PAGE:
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Don't cut a wide one

Picked up a story yesterday in which the writer had written swathe for swath. This is a muddy patch in the language, and the Old Prescriptivist is going to lay down his coat so that you don’t have to get your shoes dirty.

Use swath as a noun, meaning a strip of space. Its origin in Middle English indicated the amount of space covered by a single stroke of a scythe. The metaphorical expression cut a wide swath means to make a big impression or to indulge in some ostentatious display. Pronounce it “swahth.”

Swathe is a noun for a bandage or wrapping. Put it out of your mind that it is an alternative spelling for swath; that will not help you. It is more frequently used as a verb, pronounced “swaythe,” meaning to wrap a strip of bandage around something, or, metaphorically, to surround or enclose. It’s akin to swaddle.

Keep them separate

This is the sort of point on which the Associated Press Stylebook could be useful, if it had an entry on this point. (Perhaps you could suggest it to them; I lack confidence that they listen to me.)



Posted by John McIntyre at 4:49 PM | | Comments (24)


Swathe has variable pronunciation: though the FACE vowel is historical, the LOT and THOUGHT vowels are also found. I myself have LOT in this word. For that matter, swath can be given the THOUGHT vowel as well.

We're an idle, sloppy lot, we BrE speakers. The tendency here has been towards spelling both words with the final E, and to pronounce them both with the FACE vowel and the final voiced consonant, so those are the first versions given in the ODE. I've no doubt you AmE speakers have the right of it, but I'm afraid over here the die Is cast.

A British Lady cut a swath
By wearing diamonds in the bath.
Wrapped her necklace as a swathe
Every time she went to bathe.

Apropos 'the irrepressible fairchildd's "swath/ bath"/ "swathe/ bathe" clever, short, rhyming ditty, i've often wondered why many Americans (and perhaps a fair share of Canadians of-a-certain-age), particularly those 'advanced-in-years' seniors representing Tom Brokow's so-called "Greatest Generation", who endured the travails of both the Great Depression and World War II, often pronounce the word "wash", as 'worsh'?

Could it be a holdover from say an old country Cockney Brit, or Old Scots affectation, or is it strictly a homegrown Am.En peculiarity?

Of course, "wash", as a noun, can refer to one's load of dirty laundry, often labelled "the wash", or a less frequent usage as representing a kind of evenly split, no-clear-victor contest result. As both a verb and noun it can refer to the activity of cleansing, or the act itself, most commonly one's morning ablutions.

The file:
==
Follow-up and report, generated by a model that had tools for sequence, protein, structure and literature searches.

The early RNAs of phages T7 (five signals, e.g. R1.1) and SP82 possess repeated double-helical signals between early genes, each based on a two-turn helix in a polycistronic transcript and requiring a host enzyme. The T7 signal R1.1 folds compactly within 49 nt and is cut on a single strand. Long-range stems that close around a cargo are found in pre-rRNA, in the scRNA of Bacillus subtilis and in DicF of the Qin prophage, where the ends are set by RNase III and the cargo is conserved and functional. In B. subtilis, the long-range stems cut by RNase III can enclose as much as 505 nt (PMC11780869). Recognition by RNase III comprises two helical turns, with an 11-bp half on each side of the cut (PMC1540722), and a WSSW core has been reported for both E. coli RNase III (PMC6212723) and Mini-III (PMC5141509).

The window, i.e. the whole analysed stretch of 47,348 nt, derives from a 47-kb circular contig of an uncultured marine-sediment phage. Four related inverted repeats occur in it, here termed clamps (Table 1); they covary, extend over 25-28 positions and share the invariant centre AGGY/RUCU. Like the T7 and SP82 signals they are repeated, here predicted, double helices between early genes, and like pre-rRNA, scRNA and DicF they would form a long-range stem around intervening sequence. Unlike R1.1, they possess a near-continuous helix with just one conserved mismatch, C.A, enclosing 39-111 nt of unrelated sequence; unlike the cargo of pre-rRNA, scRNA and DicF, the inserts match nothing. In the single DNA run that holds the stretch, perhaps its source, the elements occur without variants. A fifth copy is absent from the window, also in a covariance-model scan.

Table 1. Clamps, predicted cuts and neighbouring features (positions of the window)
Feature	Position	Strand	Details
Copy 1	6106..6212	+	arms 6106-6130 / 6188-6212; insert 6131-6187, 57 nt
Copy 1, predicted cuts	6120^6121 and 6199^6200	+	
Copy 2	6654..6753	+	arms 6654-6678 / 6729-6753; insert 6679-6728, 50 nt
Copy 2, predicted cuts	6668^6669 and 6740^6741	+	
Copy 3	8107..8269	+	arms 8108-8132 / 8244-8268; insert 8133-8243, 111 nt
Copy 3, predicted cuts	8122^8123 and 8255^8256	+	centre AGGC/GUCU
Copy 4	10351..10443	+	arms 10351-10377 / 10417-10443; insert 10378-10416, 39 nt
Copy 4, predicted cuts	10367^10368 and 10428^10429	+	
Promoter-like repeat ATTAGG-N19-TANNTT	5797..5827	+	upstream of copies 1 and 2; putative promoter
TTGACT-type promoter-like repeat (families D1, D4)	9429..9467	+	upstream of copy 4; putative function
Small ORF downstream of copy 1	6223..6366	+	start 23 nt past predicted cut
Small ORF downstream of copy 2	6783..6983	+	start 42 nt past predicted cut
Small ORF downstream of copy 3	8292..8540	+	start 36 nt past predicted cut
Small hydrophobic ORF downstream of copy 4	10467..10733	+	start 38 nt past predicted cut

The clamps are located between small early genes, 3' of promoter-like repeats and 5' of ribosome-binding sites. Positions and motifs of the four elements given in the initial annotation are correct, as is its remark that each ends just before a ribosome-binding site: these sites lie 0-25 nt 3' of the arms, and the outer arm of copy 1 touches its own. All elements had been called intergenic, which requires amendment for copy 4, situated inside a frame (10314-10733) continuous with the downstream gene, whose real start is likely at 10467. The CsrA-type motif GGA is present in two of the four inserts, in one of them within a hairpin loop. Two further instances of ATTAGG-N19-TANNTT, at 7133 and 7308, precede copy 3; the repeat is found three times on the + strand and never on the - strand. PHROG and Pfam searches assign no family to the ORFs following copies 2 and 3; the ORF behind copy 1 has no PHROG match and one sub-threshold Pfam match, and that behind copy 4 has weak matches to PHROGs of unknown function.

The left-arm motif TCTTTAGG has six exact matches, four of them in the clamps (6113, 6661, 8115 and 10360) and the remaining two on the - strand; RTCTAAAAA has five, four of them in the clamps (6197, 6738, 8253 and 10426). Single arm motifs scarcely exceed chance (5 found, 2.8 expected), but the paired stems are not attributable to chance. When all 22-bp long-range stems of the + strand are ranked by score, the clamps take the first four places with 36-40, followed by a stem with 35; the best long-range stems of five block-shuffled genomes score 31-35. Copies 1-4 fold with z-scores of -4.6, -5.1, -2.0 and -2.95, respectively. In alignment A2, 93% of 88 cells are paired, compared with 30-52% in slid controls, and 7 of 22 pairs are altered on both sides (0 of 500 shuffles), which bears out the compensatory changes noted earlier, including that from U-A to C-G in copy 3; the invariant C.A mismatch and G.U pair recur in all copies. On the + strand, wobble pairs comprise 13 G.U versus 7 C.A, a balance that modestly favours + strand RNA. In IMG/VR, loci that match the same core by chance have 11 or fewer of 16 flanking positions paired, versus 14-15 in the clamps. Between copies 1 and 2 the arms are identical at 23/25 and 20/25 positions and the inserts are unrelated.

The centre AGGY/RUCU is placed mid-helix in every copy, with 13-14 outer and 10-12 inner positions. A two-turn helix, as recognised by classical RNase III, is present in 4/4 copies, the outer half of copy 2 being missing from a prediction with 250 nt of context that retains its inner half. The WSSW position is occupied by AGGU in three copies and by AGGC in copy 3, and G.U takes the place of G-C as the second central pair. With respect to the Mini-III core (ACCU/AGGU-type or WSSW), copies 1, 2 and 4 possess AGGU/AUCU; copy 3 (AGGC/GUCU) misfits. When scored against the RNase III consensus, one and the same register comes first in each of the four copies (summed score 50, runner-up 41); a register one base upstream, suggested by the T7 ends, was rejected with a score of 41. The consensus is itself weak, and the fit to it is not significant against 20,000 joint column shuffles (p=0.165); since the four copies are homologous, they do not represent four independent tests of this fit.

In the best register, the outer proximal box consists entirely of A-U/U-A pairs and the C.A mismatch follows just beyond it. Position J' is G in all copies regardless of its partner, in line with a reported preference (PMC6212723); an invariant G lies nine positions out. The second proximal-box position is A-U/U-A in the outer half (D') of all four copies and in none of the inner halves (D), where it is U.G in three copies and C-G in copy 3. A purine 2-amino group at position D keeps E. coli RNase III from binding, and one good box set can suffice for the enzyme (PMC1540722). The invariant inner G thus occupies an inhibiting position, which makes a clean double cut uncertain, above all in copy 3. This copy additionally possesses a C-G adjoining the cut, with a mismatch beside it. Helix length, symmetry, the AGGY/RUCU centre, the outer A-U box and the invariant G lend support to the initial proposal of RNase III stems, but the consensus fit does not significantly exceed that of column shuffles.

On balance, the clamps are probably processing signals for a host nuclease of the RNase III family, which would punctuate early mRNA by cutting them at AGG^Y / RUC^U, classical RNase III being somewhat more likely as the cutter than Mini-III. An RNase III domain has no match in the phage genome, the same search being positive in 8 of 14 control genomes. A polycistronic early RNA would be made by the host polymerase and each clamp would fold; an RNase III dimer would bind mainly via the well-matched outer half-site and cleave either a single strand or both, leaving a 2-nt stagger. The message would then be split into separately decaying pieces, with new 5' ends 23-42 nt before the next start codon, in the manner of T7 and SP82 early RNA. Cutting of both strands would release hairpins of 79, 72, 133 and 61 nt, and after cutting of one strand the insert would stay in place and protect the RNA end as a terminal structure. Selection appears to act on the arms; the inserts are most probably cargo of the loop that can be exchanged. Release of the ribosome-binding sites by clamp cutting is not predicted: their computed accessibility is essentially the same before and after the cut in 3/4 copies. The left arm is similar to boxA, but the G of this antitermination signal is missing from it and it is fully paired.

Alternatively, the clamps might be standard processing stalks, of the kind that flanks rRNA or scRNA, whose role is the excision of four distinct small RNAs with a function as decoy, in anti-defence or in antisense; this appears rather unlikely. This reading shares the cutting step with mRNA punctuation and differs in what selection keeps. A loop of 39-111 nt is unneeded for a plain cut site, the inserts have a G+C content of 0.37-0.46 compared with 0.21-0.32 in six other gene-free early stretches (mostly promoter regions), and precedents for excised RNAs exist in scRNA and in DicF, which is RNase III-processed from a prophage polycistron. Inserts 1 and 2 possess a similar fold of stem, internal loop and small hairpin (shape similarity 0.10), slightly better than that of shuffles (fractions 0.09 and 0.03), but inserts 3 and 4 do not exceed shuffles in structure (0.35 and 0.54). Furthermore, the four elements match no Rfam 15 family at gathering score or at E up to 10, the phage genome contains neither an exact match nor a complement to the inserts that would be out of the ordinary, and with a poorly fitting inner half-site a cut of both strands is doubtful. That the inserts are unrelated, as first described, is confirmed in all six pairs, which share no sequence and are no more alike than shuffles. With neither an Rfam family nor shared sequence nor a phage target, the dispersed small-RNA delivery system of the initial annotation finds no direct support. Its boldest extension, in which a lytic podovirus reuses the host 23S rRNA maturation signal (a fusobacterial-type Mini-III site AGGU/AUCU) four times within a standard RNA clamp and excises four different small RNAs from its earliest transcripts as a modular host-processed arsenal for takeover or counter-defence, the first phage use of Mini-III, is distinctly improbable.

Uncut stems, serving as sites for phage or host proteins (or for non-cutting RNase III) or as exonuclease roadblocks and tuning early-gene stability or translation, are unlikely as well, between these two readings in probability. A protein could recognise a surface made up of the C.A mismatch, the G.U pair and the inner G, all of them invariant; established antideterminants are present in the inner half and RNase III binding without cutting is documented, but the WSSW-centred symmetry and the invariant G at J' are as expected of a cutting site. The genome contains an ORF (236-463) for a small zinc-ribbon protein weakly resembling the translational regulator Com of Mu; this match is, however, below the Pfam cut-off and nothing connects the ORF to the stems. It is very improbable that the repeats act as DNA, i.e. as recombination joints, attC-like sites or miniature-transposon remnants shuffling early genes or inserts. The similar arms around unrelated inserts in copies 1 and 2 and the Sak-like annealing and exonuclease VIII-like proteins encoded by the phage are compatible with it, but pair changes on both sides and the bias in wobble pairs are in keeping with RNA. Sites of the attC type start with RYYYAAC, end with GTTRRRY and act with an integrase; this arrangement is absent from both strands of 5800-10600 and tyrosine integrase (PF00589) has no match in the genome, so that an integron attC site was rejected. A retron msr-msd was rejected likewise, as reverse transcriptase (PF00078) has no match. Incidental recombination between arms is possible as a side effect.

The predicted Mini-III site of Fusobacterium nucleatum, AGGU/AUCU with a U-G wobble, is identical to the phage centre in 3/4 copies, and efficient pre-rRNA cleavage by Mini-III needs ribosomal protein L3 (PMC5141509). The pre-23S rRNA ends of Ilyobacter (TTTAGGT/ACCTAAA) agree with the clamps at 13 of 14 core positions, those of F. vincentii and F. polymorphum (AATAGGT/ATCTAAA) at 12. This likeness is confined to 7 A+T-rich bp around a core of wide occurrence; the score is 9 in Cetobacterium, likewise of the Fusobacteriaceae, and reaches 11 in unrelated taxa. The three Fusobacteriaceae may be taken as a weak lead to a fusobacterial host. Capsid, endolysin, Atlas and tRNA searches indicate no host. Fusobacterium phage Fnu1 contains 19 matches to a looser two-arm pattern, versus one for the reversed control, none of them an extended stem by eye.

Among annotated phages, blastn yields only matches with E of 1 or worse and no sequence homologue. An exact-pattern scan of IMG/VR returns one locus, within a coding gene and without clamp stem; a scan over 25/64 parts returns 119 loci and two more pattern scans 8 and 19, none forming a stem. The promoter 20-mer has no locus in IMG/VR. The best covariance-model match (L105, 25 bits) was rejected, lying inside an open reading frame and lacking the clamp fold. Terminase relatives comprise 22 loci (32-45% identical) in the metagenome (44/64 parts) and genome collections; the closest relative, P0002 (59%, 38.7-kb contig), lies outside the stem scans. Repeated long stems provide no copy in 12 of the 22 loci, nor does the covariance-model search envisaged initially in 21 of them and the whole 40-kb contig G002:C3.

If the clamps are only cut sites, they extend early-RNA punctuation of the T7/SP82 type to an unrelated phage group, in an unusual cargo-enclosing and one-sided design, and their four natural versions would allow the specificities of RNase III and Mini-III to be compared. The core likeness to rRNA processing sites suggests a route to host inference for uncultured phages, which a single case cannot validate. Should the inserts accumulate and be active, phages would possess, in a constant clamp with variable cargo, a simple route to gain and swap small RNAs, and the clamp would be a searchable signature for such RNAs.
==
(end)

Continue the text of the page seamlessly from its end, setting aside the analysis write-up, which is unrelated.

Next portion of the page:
Perhaps the "wash"/ 'worsh' dichotomy falls under the same pronunciation variable as the Bostonian "car"/ 'caw', "park"/ 'pack' phenomenon? We won't even go into the peculiarly warped Maine accent, which has some affinity w/ the New England mode of speech, but IMHO, is even more foreign to the ear
than the distinct Bean Town 'accent'.

As a long-time-transplanted Canadian, I can't help but see the grassroots speech inflections of say the denizens of North Dakota, and for that matter, all those northern prairie / Plains states bordering the 49th Parallel, as very close to their Canuck neighbors to the immediate north,eh?

Watching the hilarious classic 'sleeper' film from a number of years back, "Fargo", that quirky cast of characters in the movie sounded like they could have just as easily walked out of the northern Manitoba bush country, as much as the rugged wintery climes of North Dakota............ wood chipper and all.

Perhaps it's the legacy of the early Scandinavian pioneer homesteader stock's plodding, slightly sing-songy speech patterns in this region that spilled over into Am.E on either side of the shared border.

"Yah........ you betcha." What's Sarah "The Wasilla Wacko" Palin's excuse? (That was a cheap shot. Sorry.)


My grandmother, of distinct German extraction, grew up in northwestern PA and always said "worsh", not to mention "oh my gorsh". Yet my mom, who grew up in the same household, says wash. Go figure...

When I was growing up we had neighbors who moved to California from Pennsylvania. I was stunned when the mother informed me that Janet could not come out to play because she was "worshing her head."


That little girlhood friend of yours must have had some supra-natural powers, where she could actually remove her head, and "worsh" it?

Okay, I'm being a tad silly here, but you get my drift?

That kid sounds like a perfect subject for the next big Stephen King blockbuster psycho-thriller.

The book's back jacket hype-blurb might read something like this: "She was once an seemingly innocent, charming little wooden hand-puppet, who miraculously became flesh incarnate as a seemingly possessed, controlling child who eventually made life totally insufferable for all those souls who chose to defy her malevolent will." (Remind you folks of anyone? HA!)